It was Sunday afternoon, and half of Costa Rica had decided to join us on the road up from the coast. So we crawled our way back, once more navigating ridiculously steep and winding roads, at speeds of no more than 20 mph. But we were in no rush; we spent the last hours of our drive in slow motion without complaint.

That night, over a fine dinner of poached sea bass, Jowa and I gazed from Xandari's open-air restaurant across the illuminated San José cityscape, and relived the trip. We'd gone from the mountains down to the humid Caribbean, up into the bone-dry savanna of Guanacaste, and back to the Pacific rain forest before returning to the highlands. Having satisfied both of my goals for this weeklong road trip, I raised a glass of Imperial to Costa Rica and the 560 miles we'd covered—not forgetting to say a little thanks to our Rav4 for remaining in one piece. Jowa joined me, and toasted to never once lighting up.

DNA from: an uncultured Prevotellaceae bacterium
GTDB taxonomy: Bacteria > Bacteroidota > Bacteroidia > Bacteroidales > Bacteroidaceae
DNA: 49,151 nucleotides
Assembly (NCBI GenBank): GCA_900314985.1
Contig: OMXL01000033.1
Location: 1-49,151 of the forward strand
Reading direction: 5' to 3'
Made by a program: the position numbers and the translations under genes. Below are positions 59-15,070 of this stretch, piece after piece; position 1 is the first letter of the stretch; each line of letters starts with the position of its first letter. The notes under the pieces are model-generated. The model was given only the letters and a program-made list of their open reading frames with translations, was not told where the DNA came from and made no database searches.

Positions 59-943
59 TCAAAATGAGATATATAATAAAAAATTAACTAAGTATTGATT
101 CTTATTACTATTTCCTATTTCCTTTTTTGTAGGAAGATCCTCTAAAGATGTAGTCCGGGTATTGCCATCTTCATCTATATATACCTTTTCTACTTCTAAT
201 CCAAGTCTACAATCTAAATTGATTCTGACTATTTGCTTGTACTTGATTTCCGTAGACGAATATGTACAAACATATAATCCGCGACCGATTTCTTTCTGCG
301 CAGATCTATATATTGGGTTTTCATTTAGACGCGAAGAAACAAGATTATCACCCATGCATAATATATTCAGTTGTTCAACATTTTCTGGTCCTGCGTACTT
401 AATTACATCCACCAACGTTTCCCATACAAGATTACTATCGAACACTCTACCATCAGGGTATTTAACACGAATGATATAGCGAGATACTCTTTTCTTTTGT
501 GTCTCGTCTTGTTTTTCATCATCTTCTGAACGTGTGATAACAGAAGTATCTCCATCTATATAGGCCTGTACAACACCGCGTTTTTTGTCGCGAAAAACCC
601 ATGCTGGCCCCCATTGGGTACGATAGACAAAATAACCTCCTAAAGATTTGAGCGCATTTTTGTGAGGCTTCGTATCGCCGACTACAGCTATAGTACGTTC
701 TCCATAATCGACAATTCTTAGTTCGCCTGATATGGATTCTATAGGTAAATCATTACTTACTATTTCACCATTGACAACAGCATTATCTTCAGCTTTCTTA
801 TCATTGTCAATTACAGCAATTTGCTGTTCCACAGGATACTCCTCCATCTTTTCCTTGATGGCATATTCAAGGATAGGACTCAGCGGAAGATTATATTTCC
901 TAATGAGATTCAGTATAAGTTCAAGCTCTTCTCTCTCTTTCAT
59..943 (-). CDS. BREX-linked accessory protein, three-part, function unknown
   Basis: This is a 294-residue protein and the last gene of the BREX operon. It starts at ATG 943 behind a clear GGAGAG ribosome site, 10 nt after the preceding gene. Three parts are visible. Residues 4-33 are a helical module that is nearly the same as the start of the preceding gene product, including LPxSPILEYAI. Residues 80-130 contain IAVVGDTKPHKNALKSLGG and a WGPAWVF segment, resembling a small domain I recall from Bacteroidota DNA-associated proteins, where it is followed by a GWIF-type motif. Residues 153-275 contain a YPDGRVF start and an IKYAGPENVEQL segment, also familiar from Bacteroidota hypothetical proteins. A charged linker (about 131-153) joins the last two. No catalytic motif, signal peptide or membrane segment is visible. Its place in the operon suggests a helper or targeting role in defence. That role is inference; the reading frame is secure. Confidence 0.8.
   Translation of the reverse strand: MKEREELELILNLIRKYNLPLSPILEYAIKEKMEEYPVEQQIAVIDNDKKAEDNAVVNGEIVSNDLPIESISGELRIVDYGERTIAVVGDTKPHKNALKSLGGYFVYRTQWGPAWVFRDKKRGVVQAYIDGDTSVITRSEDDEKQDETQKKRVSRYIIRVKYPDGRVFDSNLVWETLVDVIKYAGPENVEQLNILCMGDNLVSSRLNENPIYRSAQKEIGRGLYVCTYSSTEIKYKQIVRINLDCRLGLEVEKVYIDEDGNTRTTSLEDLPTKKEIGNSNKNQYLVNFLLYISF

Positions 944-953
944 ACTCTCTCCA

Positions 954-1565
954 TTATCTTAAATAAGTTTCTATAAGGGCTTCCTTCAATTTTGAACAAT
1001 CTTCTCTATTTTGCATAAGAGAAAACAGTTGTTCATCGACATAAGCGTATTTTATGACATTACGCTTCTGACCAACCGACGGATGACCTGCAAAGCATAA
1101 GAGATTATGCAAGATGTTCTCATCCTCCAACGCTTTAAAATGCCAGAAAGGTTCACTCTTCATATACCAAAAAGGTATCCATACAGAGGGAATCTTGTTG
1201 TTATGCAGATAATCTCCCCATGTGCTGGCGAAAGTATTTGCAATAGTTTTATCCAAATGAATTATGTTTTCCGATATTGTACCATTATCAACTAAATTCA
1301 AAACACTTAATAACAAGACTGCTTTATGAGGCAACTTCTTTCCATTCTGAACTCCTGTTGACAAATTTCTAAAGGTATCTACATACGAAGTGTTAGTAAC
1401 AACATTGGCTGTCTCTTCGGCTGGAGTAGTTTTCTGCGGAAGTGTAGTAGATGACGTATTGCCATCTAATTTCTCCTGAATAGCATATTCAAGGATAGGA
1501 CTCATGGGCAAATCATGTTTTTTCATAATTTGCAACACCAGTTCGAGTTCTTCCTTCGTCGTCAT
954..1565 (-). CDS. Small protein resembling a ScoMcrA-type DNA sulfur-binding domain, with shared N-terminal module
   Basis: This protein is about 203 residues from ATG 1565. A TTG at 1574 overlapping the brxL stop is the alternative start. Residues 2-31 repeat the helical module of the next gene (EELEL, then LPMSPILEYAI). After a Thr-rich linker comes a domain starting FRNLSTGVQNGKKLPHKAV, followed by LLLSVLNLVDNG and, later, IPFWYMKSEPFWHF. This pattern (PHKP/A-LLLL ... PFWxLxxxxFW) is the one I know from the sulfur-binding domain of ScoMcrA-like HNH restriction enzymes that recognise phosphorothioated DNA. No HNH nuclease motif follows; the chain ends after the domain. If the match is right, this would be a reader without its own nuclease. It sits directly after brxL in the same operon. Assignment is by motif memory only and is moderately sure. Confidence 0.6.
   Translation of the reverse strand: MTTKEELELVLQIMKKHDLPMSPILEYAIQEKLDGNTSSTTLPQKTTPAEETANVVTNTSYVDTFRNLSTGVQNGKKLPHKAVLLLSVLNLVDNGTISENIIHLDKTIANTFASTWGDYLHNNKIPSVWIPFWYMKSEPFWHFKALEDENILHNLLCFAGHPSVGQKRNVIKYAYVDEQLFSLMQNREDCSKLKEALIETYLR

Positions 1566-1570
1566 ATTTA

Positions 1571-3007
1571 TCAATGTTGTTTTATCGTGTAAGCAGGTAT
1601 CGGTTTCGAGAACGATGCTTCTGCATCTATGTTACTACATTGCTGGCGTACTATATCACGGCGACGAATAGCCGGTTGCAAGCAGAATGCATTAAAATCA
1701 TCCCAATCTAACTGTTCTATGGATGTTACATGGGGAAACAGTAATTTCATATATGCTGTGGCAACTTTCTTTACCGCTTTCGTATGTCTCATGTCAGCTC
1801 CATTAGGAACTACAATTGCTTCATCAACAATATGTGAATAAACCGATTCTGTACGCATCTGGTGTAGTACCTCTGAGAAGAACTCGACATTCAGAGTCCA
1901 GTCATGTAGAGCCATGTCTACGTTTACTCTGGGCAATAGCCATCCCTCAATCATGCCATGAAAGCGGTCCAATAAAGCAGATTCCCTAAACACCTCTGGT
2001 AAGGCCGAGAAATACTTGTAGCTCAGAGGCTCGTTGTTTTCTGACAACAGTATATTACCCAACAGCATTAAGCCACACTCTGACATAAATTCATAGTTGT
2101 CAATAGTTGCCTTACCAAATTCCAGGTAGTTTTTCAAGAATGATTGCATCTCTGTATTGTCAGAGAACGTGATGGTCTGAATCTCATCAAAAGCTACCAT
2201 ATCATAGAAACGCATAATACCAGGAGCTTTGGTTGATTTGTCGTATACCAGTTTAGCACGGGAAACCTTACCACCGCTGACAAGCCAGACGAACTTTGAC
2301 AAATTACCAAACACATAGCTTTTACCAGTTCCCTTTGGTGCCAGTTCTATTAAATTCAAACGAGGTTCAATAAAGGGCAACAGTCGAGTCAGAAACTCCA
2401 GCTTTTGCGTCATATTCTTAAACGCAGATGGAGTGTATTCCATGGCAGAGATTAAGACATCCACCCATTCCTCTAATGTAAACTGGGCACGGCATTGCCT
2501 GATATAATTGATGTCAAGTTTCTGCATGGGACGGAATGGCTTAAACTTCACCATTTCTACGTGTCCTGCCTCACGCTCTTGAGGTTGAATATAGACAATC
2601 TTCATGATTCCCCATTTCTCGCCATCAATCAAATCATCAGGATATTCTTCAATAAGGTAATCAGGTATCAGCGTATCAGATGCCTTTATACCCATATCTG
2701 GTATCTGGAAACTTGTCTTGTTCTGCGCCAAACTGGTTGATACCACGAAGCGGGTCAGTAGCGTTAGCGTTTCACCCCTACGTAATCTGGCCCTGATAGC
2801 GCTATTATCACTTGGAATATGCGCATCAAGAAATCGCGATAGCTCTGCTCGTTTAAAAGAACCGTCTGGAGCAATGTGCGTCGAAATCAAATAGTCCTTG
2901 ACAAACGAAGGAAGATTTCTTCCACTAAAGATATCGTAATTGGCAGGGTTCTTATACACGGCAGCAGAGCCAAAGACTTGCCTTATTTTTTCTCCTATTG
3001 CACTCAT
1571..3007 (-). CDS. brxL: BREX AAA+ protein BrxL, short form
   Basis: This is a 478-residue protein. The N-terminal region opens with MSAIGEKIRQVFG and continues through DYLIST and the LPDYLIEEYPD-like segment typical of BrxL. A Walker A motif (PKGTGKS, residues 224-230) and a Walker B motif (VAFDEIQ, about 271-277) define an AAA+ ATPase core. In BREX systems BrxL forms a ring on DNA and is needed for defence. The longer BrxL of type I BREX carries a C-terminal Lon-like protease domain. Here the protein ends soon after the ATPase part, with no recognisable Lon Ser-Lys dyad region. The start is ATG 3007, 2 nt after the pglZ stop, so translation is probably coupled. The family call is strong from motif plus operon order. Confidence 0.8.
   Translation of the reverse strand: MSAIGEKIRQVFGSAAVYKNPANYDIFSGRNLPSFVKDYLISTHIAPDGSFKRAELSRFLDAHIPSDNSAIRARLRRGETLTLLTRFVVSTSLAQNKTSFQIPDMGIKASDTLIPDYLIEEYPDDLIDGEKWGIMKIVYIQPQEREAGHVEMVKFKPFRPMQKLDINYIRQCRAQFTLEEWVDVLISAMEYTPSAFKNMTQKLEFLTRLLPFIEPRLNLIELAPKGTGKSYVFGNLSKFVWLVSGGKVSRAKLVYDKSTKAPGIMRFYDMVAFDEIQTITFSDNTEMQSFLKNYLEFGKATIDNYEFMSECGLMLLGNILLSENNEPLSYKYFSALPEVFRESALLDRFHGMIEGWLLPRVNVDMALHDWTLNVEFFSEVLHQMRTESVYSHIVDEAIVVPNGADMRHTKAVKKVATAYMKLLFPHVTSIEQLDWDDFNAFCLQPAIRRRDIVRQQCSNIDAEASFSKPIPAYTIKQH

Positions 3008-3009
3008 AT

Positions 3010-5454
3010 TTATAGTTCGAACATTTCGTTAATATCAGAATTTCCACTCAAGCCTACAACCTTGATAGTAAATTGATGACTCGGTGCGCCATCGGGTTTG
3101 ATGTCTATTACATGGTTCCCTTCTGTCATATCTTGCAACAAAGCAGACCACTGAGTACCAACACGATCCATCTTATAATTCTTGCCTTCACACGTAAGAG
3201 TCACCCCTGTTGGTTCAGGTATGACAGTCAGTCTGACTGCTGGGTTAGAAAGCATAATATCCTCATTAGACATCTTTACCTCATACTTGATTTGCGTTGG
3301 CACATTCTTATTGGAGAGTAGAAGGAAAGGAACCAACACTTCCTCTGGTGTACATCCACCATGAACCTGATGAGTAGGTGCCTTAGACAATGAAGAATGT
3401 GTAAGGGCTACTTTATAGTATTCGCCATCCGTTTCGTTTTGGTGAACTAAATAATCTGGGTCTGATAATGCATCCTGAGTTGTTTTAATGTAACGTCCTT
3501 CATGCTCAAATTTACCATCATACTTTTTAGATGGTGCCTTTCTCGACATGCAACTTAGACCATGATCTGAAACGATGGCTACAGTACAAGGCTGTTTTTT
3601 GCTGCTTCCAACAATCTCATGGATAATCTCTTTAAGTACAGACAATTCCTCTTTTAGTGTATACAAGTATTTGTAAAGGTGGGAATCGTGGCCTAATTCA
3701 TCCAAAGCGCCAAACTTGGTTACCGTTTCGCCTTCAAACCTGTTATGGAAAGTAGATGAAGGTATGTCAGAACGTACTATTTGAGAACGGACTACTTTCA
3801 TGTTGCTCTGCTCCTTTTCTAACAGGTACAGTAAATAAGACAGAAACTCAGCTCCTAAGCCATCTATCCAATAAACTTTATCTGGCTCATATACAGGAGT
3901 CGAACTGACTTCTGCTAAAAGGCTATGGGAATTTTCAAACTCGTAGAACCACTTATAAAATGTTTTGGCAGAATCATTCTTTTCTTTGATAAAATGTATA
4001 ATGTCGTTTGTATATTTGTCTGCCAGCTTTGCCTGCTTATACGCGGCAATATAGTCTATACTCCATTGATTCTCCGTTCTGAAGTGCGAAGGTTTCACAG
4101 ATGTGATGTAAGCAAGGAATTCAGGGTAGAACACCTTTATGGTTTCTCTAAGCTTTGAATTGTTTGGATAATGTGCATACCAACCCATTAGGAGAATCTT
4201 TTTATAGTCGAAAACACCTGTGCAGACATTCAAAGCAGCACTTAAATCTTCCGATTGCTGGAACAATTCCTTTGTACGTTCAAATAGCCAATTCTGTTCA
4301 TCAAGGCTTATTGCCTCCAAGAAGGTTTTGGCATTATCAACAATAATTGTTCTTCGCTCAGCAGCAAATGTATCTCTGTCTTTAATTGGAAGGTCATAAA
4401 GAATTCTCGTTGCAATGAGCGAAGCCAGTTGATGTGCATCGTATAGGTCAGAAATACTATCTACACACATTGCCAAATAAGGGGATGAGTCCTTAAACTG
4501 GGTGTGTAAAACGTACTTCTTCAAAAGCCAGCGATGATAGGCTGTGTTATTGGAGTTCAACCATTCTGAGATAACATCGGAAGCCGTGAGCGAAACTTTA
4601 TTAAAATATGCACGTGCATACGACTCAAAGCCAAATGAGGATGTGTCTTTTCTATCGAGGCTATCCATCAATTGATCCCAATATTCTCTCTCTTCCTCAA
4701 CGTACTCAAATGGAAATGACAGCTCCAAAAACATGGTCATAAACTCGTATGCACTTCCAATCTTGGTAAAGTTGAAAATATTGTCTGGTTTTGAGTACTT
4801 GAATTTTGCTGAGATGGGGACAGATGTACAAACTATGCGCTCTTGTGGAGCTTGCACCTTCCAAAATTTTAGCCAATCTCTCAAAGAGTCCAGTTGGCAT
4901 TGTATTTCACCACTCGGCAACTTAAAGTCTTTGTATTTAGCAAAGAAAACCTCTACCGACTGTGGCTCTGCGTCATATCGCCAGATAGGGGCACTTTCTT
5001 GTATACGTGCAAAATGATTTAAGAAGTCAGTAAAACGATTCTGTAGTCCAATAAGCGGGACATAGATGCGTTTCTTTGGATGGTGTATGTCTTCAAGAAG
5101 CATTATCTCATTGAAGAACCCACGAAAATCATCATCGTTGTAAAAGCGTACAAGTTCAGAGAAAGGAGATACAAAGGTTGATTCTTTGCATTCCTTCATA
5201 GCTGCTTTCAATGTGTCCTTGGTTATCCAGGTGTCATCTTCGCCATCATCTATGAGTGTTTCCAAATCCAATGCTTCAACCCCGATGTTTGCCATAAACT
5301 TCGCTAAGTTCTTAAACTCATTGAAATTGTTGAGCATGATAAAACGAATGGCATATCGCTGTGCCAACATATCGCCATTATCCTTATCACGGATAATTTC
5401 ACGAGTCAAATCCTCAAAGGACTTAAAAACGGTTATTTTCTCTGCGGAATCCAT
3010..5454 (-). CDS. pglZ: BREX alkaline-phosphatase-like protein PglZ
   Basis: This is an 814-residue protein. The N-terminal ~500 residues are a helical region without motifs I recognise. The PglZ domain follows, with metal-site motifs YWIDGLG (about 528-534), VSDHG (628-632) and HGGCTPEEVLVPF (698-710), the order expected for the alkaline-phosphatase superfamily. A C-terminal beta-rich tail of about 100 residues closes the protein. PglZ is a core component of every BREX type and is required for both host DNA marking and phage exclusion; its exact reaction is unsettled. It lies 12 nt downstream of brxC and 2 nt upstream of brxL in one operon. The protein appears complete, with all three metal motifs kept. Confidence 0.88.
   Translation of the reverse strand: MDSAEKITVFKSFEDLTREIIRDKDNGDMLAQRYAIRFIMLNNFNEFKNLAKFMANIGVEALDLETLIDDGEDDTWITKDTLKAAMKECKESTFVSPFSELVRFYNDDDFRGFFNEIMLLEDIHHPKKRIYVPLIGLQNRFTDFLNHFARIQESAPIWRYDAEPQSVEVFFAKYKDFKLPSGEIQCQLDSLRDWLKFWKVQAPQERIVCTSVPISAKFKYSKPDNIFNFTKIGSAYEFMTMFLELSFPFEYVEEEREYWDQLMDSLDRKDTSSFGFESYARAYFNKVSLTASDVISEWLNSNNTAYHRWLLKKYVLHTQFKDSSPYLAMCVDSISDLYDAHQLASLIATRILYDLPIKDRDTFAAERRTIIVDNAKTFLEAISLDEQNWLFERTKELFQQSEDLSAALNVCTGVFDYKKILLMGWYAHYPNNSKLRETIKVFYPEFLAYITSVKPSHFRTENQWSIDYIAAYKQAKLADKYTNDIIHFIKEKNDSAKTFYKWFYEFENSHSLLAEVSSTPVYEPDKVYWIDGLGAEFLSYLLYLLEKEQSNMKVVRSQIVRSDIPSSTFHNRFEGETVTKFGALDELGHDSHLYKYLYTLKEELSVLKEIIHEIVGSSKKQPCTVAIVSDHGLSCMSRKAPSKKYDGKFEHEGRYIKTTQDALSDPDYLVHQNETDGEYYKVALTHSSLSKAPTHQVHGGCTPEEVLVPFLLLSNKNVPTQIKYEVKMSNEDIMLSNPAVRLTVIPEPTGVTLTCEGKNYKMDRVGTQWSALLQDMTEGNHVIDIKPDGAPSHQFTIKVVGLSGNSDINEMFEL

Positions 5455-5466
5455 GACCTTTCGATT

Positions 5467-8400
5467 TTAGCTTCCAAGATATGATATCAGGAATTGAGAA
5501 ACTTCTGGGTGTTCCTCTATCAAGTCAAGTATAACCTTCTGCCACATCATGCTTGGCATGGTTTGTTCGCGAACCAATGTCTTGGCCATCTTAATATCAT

THE FACTS

INNS
Casa Turire Hacienda Atirro; 011-506/531-1111, fax 011-506/531-1075; doubles from $120.
Hotel Capitán Suizo Tamarindo Beach, Tamarindo; 011-506/653-0075, fax 011-506/653-0292; bungalows from $125.
Villa Caletas Jacó; 011-506/637-0606, fax 011-506/637-0404; doubles from $160.
Xandari Plantation Hotel Alajuela; 800/686-7879 or 805/684-7879, fax 805/684-4295; doubles from $150.

THE ITINERARY

DAY 1 Take Route 2 from San José to Cartago, then follow signs to Turrialba. Overnight at Casa Turire.